Much is wrong in the realm of international reporting. We have the dropping number of international correspondents, general disinterest in foreign affairs and widespread interference of special interests in reporting accurately about international topics. It seems like international stories just aren't as important.
However, there is more (to use a bit of a play on words) bad news...the over-arching theme in existing international reporting is most often framed in a negative light.
Hafez is our champion of this - our bearer of bad news, if you will. He asserts what is called the "conflict perspective" in international reporting. Essentially, Hafez utilizes the Foreign News study and MacBride Report to bring statistical validity to the notion that news coverage of international topics is overwhelmingly negative and insulates a consistent image of a "chaotic, distant foreign world".
These sentiments are echoed in the other readings as well. The Powers and El-Nawawy article highlighting the efforts of Al-Jazeera English as a uniting media force in the Middle East and elsewhere seems to also take their findings with a grain of salt. They note that although those who watch Al-Jazeera eventually gain a more well-rounded perspective and will eventually make more open-minded decisions, seeing these results happen are very far off.
A look at any news network will further support Hafez's findings. The top international stories from the BBC, CNN and GlobalPost are all about Western sanctions on Iran, the resignation of the Cabinet in Egypt and Chinese ships infiltrating the South China Sea.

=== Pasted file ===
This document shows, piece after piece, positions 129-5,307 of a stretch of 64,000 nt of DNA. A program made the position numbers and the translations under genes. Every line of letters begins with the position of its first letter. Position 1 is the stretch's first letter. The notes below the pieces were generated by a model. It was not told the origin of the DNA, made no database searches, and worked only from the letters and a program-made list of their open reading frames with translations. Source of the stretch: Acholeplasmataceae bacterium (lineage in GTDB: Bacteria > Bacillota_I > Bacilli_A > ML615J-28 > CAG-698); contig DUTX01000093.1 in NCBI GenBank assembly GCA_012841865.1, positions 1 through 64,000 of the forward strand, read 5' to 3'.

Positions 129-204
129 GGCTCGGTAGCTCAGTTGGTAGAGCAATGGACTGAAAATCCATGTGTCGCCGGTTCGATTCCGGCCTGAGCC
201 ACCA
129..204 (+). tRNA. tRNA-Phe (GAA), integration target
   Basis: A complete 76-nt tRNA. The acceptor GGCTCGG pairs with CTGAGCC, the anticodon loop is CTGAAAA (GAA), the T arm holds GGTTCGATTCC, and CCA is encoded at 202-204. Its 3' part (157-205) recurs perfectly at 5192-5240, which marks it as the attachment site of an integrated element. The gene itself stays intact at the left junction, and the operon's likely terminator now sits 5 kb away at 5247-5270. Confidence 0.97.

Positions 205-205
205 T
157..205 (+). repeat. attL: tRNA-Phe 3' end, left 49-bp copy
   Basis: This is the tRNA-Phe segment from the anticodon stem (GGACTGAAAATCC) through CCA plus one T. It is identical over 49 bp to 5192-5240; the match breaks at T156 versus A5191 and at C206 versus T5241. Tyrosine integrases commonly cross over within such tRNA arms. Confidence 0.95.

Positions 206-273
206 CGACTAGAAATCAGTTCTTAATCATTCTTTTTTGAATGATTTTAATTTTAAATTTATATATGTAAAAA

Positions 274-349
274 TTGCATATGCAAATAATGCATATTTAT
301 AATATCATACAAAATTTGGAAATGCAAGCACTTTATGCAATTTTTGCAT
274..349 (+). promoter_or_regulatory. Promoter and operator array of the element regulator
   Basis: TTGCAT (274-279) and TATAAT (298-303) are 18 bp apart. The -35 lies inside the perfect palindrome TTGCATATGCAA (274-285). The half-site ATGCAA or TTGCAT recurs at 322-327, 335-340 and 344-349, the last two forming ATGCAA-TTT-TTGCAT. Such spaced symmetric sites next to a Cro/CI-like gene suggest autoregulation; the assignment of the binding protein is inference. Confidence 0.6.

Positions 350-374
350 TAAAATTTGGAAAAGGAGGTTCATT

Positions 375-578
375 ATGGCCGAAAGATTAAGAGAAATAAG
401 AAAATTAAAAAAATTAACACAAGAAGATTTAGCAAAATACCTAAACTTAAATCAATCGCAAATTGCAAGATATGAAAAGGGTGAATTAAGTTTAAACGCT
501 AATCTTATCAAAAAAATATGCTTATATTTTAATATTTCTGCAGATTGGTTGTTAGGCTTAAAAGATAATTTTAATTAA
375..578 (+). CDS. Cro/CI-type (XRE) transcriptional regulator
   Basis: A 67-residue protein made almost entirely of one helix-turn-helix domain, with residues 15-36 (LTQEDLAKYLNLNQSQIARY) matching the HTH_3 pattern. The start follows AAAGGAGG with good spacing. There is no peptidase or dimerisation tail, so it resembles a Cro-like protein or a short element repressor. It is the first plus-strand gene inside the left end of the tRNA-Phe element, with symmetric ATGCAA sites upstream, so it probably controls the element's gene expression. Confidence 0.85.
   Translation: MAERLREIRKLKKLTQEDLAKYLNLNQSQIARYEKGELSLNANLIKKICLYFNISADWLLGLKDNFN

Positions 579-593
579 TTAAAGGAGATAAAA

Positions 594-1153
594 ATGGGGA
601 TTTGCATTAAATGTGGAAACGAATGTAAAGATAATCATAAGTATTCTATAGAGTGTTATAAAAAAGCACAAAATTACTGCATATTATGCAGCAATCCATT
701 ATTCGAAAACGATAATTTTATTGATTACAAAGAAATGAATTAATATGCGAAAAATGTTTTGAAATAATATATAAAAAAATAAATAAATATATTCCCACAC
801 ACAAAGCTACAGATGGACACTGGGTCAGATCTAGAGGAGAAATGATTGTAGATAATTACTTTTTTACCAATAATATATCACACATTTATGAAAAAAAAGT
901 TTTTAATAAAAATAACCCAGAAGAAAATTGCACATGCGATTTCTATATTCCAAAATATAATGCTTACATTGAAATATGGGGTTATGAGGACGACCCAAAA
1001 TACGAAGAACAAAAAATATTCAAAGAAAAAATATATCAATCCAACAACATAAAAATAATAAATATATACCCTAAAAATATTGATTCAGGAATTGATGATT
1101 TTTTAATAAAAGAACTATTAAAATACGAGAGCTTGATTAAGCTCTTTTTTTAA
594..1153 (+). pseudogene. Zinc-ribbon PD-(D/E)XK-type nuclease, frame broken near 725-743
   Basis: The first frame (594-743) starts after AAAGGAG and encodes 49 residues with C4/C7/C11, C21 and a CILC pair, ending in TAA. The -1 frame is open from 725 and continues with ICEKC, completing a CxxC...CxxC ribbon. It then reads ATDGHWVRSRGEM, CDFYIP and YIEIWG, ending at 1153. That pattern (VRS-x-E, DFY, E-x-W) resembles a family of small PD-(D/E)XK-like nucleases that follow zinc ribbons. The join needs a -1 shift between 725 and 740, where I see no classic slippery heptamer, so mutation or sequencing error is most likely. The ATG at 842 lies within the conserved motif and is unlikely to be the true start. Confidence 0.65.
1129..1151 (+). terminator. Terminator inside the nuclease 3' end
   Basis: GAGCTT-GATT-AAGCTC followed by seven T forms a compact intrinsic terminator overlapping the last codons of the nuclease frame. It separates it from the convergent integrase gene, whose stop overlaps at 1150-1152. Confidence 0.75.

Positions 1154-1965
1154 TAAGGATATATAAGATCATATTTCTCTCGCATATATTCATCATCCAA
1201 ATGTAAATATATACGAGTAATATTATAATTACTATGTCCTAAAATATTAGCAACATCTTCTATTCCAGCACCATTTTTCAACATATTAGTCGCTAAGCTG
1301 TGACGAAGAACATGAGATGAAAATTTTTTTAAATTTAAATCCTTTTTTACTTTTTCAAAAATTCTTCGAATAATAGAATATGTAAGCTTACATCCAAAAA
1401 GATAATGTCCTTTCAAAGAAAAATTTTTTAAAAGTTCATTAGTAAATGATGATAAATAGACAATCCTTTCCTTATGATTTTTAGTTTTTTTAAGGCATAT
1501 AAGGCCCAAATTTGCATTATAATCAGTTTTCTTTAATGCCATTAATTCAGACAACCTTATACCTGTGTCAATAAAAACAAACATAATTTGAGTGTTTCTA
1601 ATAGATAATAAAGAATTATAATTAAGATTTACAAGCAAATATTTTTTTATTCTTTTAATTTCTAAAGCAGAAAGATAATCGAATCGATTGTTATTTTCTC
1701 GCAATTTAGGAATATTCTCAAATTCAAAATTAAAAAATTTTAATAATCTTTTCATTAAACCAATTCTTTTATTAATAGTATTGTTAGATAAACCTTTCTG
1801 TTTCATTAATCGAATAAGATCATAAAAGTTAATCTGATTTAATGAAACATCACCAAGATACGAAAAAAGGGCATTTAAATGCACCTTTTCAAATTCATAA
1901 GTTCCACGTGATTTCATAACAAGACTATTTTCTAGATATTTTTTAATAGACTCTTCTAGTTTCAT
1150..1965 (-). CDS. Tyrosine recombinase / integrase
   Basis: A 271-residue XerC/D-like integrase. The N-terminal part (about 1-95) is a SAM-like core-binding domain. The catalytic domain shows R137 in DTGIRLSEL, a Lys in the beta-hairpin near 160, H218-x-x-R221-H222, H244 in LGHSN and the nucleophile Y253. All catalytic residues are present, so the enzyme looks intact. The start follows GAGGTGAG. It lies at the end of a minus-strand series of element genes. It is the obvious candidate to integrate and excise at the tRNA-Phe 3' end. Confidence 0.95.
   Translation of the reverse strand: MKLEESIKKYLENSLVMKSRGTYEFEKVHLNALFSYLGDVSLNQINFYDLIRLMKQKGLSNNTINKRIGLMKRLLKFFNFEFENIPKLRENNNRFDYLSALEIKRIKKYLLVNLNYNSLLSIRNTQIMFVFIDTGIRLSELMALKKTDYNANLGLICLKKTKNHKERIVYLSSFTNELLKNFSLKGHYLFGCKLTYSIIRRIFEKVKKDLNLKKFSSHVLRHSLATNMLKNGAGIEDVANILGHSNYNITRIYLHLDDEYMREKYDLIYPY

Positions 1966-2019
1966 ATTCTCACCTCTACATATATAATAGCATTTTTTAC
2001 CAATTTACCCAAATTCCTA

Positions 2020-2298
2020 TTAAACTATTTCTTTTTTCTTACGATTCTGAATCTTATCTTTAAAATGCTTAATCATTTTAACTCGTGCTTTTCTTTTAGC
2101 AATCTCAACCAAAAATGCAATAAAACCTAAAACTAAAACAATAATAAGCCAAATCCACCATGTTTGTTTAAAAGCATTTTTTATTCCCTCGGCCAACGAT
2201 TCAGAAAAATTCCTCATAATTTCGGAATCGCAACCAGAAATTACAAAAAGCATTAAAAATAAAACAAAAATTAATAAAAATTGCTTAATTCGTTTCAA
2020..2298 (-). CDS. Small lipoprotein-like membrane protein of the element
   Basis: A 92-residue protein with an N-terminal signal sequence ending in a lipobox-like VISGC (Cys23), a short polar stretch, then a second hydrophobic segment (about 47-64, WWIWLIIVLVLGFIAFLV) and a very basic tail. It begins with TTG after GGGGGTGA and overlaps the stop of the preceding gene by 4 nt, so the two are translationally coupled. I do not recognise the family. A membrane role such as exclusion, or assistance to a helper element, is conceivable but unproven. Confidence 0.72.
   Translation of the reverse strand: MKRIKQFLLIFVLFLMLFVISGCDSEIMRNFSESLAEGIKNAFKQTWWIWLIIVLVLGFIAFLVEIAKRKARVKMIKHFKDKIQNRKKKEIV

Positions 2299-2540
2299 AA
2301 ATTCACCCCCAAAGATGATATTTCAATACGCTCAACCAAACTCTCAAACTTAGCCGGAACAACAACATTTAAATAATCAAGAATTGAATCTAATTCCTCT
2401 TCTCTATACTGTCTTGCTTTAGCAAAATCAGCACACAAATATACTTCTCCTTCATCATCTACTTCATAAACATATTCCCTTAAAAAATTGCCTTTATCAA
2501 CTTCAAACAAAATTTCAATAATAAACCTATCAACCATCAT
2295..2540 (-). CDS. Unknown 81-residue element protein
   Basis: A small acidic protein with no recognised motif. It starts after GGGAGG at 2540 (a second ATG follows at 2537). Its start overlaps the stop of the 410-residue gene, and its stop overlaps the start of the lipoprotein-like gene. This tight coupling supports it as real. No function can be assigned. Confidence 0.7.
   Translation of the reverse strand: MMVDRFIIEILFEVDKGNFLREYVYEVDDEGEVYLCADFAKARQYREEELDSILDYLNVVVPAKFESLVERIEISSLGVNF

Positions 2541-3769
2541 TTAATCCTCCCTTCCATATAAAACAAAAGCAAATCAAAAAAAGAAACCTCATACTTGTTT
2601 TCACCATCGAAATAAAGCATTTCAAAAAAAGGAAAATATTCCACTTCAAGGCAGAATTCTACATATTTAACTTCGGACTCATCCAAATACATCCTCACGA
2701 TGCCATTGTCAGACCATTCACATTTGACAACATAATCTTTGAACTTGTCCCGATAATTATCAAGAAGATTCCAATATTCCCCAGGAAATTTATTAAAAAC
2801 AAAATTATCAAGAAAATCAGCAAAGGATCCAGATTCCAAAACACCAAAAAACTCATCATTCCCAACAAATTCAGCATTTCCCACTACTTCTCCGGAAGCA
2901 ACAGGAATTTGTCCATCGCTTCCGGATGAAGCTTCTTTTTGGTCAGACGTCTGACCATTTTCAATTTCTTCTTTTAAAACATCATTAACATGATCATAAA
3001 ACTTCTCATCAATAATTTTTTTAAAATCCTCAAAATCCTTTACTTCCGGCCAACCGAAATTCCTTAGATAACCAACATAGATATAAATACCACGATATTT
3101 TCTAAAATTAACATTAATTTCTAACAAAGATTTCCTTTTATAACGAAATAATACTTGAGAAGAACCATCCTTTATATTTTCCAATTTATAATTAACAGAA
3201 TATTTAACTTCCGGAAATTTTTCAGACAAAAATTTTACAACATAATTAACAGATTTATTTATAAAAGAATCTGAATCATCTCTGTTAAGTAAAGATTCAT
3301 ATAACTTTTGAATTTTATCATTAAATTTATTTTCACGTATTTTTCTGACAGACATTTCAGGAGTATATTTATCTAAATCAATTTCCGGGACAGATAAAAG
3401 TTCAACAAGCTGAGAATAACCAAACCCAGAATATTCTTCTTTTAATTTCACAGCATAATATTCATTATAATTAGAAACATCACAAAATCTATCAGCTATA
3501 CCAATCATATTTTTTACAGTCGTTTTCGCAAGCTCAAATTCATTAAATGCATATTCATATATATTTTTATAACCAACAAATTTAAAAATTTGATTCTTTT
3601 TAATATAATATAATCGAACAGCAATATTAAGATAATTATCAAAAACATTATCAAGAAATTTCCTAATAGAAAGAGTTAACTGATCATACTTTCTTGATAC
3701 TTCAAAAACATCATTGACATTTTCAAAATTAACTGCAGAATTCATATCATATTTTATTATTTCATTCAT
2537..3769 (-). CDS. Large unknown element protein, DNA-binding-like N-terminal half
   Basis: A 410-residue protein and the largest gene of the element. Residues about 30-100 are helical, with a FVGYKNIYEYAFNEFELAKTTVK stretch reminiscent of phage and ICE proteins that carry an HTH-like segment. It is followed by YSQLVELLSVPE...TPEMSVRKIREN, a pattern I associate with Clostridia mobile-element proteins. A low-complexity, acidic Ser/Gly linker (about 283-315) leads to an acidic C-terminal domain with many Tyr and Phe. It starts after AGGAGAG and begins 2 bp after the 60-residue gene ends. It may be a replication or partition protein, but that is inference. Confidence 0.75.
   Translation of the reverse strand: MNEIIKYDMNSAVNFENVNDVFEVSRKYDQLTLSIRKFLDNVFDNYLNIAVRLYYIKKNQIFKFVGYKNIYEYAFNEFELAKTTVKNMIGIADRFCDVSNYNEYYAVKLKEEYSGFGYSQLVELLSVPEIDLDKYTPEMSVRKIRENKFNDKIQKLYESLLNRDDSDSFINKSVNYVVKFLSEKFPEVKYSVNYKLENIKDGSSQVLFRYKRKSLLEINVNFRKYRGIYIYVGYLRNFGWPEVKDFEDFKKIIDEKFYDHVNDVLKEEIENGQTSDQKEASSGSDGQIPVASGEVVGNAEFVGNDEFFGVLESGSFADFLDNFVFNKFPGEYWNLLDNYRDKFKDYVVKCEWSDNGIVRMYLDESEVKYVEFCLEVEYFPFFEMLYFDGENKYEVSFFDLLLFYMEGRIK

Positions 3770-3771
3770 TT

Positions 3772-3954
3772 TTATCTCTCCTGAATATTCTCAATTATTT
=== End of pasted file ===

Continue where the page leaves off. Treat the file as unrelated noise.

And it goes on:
These are prime examples because they demonstrate many of the notions discussed in our readings. First, they represent international topics that are all tied back to political or economic interests of superpowers, which gives these topics precedent over other, perhaps softer news topics around the world. Second, this supports the former notions of Steven Livingston, who surmised that post-Cold War world would emerge as a "clash of civilizations," particularly between the Western and Islamic regions. All of these stories demonstrate geo-regional powers flexing their muscles on a global scale, two of the three involving the Islamic region.
I think it is unfortunate that international reporting must be this way. I feel like there is a lot of writing out there that focuses upon culturally stimulating and very educational aspects of different countries, even those that the U.S. may be in opposition with. If journalism is really supposed to be the fourth estate and serve as an intermediary between states to communicate objectively and accurately in the best fashion possible, then there is sadly work to be done.
I would agree with the notion that there needs to be some cultural tweaking from region to region as reporting needs to adhere to the norms of certain societies, but I feel like there is a way to express opposing views without using hot-button language, sensational stories and letting only the most extreme talking heads on air. What is needed is intellectual, level-headed discourse media that examines international topics of all kinds, not just conflict, and that takes into full account the special interests of all parties involved: states, people and the media organizations themselves.
Now that's fair and balanced, isn't it?